The MP Regis Immongault has been at the forefront of Gabon’s policy making, as Minister for the Economy and then Minister of Foreign Affairs. He talks to Omar Ben Yedder about why African countries seem to be getting a raw deal from rating agencies during the pandemic, thus making essential borrowing more difficult and more expensive.
The pandemic is providing a stress test across many different issues – “revealing our weaknesses,” says Regis Immongault. “It obliges us to remedy them. Our countries need to be ready to face future challenges on all levels: economic, monetary and social.”
Gabon was caught off-guard during the last oil crisis in 2014, when the price of oil fell by over 50%. The country was in the middle of a massive public investment programme. It had considerably increased public spending to upgrade the country’s infrastructure and set up a programme to wean itself off oil by transforming its wood and manganese into finished products as part of its industrial policy. The sharp and rapid fall in the price of oil required drastic cutbacks and the country underwent a reform programme tapping into IMF funding.
Oil still plays an important part in terms of what the government can spend. It represents 40% of public revenues and 68% of the country’s exports.
Gabon was lauded by Lionel Zinsou, a prominent economist and investor, as well as former Prime Minister of Benin, for its rapid response and the generous package to support livelihoods that the government announced at the start of the pandemic.
However, as Immongault admits, the country is caught between a rock and a hard place. Debt levels are manageable but African countries don’t have the ammunition at their disposal to do “whatever it takes”, as the Western central bankers have proclaimed.
“There need to be considerable ‘out-of-the-box’ measures for African economies to navigate the rough ride ahead,” he says. “Those, like Gabon, that are considered middle-income countries will be worse- hit as they are not included in the debt standstills that have been agreed.”
All this will ultimately limit the counter-cyclical measures they can apply, such as a fiscal stimulus, unlike Western nations that are raising record amounts of debt and pumping literally trillions of dollars into their economies.
It’s a frustrating situation, Immongault explains, as Gabon has relatively low debt. Public and private debt sit at 60% and 23% of GDP respectively. In China private debt is thought to be well above 200% of GDP whilst the OECD countries’ average debt-to-GDP ratio will hover at around 90% by the end of this year.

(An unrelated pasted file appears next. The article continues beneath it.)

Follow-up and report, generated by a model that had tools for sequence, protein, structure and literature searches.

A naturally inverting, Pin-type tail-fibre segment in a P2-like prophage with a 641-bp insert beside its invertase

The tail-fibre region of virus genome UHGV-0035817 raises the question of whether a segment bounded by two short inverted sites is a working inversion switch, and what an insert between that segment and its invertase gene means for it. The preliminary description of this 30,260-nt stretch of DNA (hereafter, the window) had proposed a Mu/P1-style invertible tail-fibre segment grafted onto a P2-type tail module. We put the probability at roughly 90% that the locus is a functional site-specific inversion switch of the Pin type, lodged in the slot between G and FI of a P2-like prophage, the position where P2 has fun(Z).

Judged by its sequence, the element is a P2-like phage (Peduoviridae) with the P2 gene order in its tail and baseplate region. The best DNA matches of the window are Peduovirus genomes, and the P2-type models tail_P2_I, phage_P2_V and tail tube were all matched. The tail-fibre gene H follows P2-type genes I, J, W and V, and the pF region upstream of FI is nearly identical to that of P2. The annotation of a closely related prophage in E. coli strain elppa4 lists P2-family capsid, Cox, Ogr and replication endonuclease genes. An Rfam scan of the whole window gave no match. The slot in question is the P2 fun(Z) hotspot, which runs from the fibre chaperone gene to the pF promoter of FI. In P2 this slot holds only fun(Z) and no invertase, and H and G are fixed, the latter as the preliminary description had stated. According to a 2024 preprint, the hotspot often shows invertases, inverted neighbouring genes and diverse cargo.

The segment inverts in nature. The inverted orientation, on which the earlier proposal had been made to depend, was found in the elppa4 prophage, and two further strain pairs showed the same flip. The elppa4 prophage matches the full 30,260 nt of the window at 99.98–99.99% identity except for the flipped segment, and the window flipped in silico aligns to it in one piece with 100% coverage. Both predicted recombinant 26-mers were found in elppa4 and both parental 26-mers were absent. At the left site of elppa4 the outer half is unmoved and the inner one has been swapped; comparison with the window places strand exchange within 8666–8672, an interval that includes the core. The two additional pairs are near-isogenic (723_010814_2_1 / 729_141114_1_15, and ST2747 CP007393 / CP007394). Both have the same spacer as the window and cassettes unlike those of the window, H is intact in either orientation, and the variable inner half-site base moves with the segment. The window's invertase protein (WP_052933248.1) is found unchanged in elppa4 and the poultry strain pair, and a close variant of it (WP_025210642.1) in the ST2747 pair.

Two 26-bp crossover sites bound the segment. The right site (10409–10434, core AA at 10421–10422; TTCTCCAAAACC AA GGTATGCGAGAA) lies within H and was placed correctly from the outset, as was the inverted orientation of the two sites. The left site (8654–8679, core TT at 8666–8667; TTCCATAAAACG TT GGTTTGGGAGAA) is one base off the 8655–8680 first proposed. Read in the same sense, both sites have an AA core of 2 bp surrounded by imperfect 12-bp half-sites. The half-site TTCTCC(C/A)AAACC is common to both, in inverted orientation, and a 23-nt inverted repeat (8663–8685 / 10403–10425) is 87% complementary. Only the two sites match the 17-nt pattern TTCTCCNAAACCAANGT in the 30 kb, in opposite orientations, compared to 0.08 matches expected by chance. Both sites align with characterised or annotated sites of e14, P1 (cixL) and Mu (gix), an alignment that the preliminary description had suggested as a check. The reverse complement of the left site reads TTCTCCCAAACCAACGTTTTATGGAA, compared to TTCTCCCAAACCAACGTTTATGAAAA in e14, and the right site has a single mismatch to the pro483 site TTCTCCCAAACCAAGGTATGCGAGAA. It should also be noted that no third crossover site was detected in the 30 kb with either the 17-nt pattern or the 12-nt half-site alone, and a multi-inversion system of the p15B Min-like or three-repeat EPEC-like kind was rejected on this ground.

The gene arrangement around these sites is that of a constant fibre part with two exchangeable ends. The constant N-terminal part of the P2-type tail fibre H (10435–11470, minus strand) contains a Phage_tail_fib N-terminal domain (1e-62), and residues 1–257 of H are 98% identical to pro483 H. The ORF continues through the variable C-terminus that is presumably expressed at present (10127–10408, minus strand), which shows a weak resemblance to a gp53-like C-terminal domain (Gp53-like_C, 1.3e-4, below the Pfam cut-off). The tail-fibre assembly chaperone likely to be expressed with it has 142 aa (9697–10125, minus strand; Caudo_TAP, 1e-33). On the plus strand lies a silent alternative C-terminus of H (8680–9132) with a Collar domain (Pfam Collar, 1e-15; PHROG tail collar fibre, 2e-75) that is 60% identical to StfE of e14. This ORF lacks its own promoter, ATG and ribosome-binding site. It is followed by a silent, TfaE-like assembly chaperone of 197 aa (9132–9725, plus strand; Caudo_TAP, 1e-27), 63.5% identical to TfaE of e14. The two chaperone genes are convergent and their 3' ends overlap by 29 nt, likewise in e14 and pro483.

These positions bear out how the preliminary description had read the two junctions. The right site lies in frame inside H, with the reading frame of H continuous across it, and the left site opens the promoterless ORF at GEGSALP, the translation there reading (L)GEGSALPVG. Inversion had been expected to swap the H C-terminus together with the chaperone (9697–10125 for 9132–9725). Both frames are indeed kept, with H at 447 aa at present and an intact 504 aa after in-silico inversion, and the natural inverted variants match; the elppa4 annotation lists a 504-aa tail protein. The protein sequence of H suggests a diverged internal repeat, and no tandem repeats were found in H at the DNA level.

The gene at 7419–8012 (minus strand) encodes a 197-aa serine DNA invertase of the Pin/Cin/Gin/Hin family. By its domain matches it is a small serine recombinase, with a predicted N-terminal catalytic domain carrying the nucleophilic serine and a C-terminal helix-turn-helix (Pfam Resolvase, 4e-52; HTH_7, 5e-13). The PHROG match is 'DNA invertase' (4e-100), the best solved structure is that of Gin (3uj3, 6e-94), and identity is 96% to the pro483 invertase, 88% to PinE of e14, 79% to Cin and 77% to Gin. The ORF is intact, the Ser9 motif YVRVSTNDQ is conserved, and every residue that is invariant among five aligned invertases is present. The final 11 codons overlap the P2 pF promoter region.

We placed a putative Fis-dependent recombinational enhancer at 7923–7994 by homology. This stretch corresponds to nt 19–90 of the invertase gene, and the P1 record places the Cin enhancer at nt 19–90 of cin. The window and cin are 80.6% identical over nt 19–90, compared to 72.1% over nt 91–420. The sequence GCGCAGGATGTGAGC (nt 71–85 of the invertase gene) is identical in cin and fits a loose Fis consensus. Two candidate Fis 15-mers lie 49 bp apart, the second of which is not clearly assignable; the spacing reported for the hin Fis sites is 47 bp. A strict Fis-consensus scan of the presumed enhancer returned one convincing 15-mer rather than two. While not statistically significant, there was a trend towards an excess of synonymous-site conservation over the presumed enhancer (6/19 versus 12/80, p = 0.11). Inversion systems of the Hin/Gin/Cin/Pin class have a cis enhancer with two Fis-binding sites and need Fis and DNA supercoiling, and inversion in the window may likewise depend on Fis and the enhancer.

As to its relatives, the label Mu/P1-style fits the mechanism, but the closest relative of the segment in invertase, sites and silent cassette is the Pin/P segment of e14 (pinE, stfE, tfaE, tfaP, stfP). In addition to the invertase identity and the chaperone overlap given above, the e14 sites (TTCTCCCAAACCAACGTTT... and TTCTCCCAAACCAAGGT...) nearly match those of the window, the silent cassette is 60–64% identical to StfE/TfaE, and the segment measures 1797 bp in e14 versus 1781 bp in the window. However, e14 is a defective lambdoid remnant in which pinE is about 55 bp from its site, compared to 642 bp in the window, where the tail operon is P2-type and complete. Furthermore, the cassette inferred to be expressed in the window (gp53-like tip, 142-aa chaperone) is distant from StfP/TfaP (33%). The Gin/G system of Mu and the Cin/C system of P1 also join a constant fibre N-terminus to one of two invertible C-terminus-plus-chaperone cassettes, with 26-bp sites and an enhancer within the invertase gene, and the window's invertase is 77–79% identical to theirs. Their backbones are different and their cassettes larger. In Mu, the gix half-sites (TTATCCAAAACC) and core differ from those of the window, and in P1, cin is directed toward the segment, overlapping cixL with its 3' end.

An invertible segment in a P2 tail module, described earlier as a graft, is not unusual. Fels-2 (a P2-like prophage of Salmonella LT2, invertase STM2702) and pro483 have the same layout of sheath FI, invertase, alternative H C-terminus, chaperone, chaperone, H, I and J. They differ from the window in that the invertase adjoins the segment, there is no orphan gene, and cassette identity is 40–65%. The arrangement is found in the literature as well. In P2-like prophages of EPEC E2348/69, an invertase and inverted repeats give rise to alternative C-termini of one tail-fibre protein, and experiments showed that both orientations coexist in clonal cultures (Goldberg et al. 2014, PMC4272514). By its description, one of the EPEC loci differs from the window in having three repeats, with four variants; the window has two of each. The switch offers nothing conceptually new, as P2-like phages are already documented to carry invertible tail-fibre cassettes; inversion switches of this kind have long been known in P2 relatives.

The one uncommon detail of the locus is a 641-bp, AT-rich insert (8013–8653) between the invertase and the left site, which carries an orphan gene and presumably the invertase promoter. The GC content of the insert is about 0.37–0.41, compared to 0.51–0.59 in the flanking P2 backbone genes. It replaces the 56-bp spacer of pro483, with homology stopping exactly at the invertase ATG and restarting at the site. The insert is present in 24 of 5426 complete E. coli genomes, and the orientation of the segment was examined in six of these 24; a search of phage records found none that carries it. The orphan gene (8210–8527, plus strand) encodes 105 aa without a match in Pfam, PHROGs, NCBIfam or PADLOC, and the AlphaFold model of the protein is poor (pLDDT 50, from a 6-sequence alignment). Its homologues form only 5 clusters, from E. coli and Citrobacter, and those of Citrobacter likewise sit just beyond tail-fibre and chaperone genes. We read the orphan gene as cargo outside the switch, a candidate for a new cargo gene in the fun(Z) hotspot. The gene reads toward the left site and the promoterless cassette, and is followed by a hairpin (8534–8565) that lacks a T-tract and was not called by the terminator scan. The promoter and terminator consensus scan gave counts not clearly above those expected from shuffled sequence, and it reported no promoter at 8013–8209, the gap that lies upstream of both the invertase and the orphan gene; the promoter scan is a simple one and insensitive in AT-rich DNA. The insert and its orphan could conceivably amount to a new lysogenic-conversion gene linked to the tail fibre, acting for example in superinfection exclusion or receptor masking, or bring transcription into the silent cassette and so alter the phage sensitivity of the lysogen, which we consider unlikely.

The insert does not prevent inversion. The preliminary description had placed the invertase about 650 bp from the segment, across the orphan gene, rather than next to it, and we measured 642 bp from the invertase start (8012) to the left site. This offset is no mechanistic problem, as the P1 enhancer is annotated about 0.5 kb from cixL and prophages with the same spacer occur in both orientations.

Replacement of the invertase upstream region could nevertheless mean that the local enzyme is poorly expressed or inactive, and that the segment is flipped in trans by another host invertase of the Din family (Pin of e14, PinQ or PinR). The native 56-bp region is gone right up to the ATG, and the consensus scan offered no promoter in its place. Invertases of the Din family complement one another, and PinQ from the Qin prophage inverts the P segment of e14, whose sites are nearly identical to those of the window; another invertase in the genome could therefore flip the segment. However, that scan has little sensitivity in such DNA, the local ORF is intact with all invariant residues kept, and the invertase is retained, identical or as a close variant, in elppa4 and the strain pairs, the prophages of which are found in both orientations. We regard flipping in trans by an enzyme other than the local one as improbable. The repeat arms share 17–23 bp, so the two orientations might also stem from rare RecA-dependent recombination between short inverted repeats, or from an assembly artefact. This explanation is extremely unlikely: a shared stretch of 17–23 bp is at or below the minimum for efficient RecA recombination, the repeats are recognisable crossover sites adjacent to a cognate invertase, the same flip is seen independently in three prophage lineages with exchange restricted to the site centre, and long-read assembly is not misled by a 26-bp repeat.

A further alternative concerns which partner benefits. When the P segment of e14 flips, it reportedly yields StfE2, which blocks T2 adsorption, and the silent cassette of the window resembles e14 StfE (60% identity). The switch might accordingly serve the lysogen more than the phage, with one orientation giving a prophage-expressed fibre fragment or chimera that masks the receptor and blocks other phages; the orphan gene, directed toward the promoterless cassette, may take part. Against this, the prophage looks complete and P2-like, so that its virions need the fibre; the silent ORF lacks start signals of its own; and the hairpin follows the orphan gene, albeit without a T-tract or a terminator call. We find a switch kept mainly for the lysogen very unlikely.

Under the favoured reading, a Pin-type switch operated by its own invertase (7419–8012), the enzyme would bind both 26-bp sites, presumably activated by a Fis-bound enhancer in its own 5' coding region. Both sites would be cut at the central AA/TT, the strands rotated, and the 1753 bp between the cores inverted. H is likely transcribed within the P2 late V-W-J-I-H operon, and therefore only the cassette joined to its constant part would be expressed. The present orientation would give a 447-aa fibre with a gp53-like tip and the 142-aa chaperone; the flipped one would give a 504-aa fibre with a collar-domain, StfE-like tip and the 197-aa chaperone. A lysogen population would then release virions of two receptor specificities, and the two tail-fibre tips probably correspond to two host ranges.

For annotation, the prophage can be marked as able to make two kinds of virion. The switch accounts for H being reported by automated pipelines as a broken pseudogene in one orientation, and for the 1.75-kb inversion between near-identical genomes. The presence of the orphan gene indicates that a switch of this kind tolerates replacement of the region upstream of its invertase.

Black Swan event
He says credit rating agencies are being tough on Africa during what he calls this Black Swan event: “I do think that the rating agencies should thoroughly review their way of understanding the risk of African countries. It is fundamentally unfair. If we only take into account the ratio elements to GDP, it is clear that France, whose debt is approaching 120% of GDP, should see its rating drop sharply.
“The same is true of a number of European and Western countries. I know that the rule that is always emphasised is the future ability to support and repay these debts. But we must also be able, depending on the context, to see things differently, without calling into question the fundamentals.
“We must consider that these African countries have suffered a particular deviation, which is not due to mismanagement but to a particular event, against which they are trying to apply certain measures in order to get out of it.”
Gabon is continuing its efforts to repay its debt, he notes, despite the drop in resources. At the start of the pandemic Fitch downgraded Gabon’s rating very early as oil prices fell, but Moody’s recently raised Gabon’s outlook from stable to positive.
Immongault was at the heart of his government’s industrialisation policy and diversification programme. He feels progress has been made but the country has not yet reaped its full benefits.
Industrial policy cannot happen he says without greater infrastructure, and that’s why the country invested to upgrade railways and roads, ports and energy. Not to mention the soft infrastructure of skills development around strategic industries.
The country targeted three sectors to start off with – timber, one of the country’s major exports that had to undergo some beneficiation before being exported – manganese, and agriculture. What this pandemic has brought to light, he says, is the need for greater autonomy when it comes to food products.
The country still imports much of its foods and according to Immongault, we can expect Gabon to accelerate its programmes to grow more of what it consumes.
Silver lining to crisis
He is confident that there will be a silver lining from this crisis. Yes, there may be a deterioration in the balance of payments from lower global demand, but it has focused minds. He anticipates a greater emphasis on healthcare and also on accelerating digital infrastructure.
Immongault’s last ministerial role was as Foreign Minister. What’s his reading of the tense global geopolitical atmosphere, especially the rising friction between the West and China?
He calls for Africa to stay out of it and not become embroiled in any future cold war. Gabon’s relationship with China is a positive one and is based on an equal footing:
“Our relations with China are good. China is an essential economic partner. Of course, when we sign partnerships, what we seek [to advance] above all else are Gabon’s interests. We didn’t have to barter natural resources. We have always been careful and have never taken this approach. We absolutely want to have economic and commercial relations based on respect for mutual interests.”